Gordy's Camera Straps

Concept: 3 out of 5
Execution: 3 out of 5
Yeah, but: Is this whole review just an excuse for camera bondage pr0n?

The Long Version: I've always been a bit particular - peculiar? - about how I carry my cameras. I almost always prefer wrist straps, finding it both easier and safer to hand-carry a camera and heavy lens instead of slinging it from a neck strap. And since most commercial wrist straps are either little stringy things with quick-releases for P/S digicams, or made with uber-wide webbing that looks like it wants to be a neoprene cuff bracelet, I've always wound up making them myself from various lengths of cord. They work well, but they look as cheap as they are.

Enter Gordy's Camera Straps.

Gordy's straps are hand-made of quarter-inch leather with waxed polyester binding, and there are four leather colours and ten choices of wrapping cord. If there's more than one piece of material involved, then the colours can be picked individually. There are two main attachment methods, either a string that won't wear down the camera's finish, or a split-ring ('lug') attachment that can use different types of camera-protecing 'bumpers'. The photo above shows the Integral bumper; there are both leather and rubber options that aren't built-in but provide more protection. There's also a tripod-mount attachment for a sling-style strap and a tripod-and-lug vertical attachment, which hangs the camera vertically and looks very cool for rangefinders with an offset tripod mount. Going through Gordy's web site is fun and easy.

The first strap I ordered is a black wrist strap with a black string attachment and red wrapping cord. The leather is fairly stiff right out of the envelope - worldwide shipping is included in the website's prices - but works in nicely. However, it's never going to be as supple as the attachment string, so that's where the flex and movement comes in. As I see it, there are two big advantages to the string: it can't damage the camera's finish, and it makes the strap very thin where it attaches to the camera. For bigger bodies with attachment lugs at the top, like Canon's SLRs and many Nikons, this doesn't matter much. For others, especially ones with smaller bodies and lower lugs, a thick strap will interfere with the grip of a normal human. Panasonic's GH1 almost falls into this camp, and the modern-classic Zeiss Ikon rangefinder is hopeless.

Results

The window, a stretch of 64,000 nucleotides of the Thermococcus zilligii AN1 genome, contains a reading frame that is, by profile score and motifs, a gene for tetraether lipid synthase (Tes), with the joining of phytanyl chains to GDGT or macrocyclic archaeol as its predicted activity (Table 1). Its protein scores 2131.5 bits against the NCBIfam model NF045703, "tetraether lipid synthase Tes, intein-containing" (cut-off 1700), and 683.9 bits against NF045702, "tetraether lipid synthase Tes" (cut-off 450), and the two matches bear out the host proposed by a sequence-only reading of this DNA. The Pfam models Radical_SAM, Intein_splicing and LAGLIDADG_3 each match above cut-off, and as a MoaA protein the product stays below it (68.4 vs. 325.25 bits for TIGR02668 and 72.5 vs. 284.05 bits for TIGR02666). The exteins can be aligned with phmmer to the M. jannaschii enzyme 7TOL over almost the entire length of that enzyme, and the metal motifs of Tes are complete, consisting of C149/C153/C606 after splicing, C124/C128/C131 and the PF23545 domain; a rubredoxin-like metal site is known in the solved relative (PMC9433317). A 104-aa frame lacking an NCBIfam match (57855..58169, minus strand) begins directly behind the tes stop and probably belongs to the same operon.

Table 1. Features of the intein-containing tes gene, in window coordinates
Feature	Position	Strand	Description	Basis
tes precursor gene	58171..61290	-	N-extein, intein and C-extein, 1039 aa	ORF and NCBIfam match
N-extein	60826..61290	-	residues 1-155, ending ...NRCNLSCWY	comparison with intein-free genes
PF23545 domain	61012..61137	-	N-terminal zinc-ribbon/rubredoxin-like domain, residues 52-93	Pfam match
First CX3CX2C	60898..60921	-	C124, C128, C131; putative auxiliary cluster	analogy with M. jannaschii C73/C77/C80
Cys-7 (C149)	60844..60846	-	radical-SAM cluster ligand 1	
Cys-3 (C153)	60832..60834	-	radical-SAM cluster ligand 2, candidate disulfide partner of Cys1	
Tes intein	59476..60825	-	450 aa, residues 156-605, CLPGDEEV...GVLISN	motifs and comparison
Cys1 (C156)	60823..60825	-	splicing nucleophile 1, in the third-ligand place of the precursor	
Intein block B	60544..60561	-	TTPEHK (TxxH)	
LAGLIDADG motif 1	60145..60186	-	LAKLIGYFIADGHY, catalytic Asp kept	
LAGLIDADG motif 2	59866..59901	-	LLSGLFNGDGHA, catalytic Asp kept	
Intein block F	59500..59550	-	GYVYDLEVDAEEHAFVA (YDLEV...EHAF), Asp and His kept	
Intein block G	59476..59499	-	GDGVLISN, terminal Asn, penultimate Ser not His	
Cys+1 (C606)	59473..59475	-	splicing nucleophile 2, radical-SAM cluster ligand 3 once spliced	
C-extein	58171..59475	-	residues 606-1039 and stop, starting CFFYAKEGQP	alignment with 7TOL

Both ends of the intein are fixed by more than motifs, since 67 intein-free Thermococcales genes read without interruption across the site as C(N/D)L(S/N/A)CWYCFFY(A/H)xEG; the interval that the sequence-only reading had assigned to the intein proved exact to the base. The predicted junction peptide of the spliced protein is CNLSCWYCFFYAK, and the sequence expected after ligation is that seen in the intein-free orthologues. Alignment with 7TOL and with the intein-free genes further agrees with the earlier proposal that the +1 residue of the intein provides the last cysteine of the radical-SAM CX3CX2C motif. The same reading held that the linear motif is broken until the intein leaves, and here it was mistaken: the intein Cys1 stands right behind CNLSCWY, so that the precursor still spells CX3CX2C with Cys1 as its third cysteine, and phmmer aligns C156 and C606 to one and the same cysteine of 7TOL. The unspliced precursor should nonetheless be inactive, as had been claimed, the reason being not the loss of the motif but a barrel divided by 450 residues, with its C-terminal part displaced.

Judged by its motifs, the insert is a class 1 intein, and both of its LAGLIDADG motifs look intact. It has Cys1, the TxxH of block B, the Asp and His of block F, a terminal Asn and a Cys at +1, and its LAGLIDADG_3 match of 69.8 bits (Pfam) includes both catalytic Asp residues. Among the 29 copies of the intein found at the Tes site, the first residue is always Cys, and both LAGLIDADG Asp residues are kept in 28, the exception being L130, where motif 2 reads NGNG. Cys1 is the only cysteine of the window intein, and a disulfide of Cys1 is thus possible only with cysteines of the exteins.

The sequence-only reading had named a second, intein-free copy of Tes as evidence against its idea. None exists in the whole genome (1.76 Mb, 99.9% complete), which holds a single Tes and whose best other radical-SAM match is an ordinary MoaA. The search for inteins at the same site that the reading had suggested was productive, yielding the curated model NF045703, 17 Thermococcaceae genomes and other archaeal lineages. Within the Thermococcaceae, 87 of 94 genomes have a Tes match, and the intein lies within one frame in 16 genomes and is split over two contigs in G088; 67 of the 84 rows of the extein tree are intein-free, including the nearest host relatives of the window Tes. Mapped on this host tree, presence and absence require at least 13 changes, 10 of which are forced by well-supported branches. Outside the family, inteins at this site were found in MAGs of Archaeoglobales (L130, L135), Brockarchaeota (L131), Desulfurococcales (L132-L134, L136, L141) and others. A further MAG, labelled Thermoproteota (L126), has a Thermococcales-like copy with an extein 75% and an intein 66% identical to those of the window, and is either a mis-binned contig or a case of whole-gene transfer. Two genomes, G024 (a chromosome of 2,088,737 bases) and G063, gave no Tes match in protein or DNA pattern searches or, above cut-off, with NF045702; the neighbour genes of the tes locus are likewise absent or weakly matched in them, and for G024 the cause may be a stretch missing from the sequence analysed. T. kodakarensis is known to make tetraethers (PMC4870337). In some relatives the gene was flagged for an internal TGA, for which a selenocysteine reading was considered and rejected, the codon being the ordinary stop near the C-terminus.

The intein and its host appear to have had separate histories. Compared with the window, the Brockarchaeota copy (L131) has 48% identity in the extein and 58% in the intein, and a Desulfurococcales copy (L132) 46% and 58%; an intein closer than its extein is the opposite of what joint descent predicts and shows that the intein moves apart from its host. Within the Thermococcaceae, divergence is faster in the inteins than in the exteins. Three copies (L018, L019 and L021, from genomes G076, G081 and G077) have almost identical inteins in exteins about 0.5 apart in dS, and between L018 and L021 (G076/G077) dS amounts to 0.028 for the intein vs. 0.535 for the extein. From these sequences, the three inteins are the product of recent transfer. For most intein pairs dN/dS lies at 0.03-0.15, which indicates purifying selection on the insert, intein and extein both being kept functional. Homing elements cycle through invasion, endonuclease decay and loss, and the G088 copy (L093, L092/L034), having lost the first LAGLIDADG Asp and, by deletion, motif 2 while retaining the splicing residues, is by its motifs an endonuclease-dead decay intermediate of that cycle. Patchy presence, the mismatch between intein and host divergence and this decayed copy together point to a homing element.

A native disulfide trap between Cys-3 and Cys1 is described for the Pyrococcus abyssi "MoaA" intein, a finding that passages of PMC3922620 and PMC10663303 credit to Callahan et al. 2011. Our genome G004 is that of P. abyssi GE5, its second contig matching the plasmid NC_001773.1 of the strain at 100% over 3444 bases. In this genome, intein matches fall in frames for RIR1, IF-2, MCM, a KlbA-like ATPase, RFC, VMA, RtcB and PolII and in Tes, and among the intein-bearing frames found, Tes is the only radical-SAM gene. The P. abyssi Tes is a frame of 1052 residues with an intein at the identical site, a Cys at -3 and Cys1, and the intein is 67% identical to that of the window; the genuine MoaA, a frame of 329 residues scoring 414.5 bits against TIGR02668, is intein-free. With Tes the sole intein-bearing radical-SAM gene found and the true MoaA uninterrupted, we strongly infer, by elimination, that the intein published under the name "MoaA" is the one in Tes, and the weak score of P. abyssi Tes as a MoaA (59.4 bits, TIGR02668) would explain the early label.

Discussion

I've used my Ikon with the string wrist strap, but the absence of a protruding grip makes it hard to hand-carry for any length of time. So once I'd seen the quality of Gordy's work, I ordered a single split-ring neck strap with a nearly Zeiss-blue wrapping cord. I was really tempted by the lug-and-tripod vertical design, but since it wouldn't let the camera sit upright, I decided to pass on it no matter how appealing it might seem. The other concern that I had is related to the thickness of the leather at the attachment point, and as I suspected it's too much to let me attach the strap to the right side of the camera. Putting it on the left side solves that particular issue, with an added benefit as well. When I don't want to carry the Ikon over my neck or shoulder, I simply use the strap as a long tether to my right wrist. The rubber O-ring lets me snug it up nicely and makes it perfectly secure. I used to carry the GH1 the same way - on a long shoelace - simply because it keeps the wrist strap from falling across the viewfinder/LCD when I'm using the 'portrait' orientation. Since I still prefer to hand-carry the Ikon when I'm actively using it, the single attachment point absolutely perfect.

Despite the name, I'll almost never put a neck strap around my neck. Our necks aren't really designed to carry heavy weights, and let's face it: a camera looks kind of foolish bouncing off of decidedly non-washboard abs. The moderately rough inner surface of the leather makes it too grippy to sling the camera diagonally, but in exchange the strap does stay where I put it reasonably well. When I'm working with a second camera - typically a digital one that's doing the scouting - my favourite way to carry the Ikon is from my left shoulder, and with the rubber o-ring stopper tightened up it's very secure. I can practically do a callisthenics routine with it carried that way, and when the camera does start to slip a bit, it's close at hand to re-snug.

The length of the straps isn't adjustable - except for one neck strap design - but it can be chosen either from a couple of options (wrist strap) or specified to whatever length you like (neck strap). I have the standard-sized wrist strap and a 45" neck strap, and have been happy with both. I have complete confidence in their strength, and had no problem letting my brand-new Zeiss Ikon dangle from my wrist when it came time to dig out a new roll of film. I will concede that I haven't been using them for very long - expect an update in a few months - but I'm much happier with them than any commercial strap that I've used. Gordy's straps may not have a Billingham-level fit and finish, but they don't have the Artisan and Artist price burden either. I'm a fan of the hand-crafted aesthetic, and really enjoy the personality that they bring to these machines.

There may even be a third one in my future.


  1. I think if you're looking in to a third strap to purchase you should take a close look at this little fellow.


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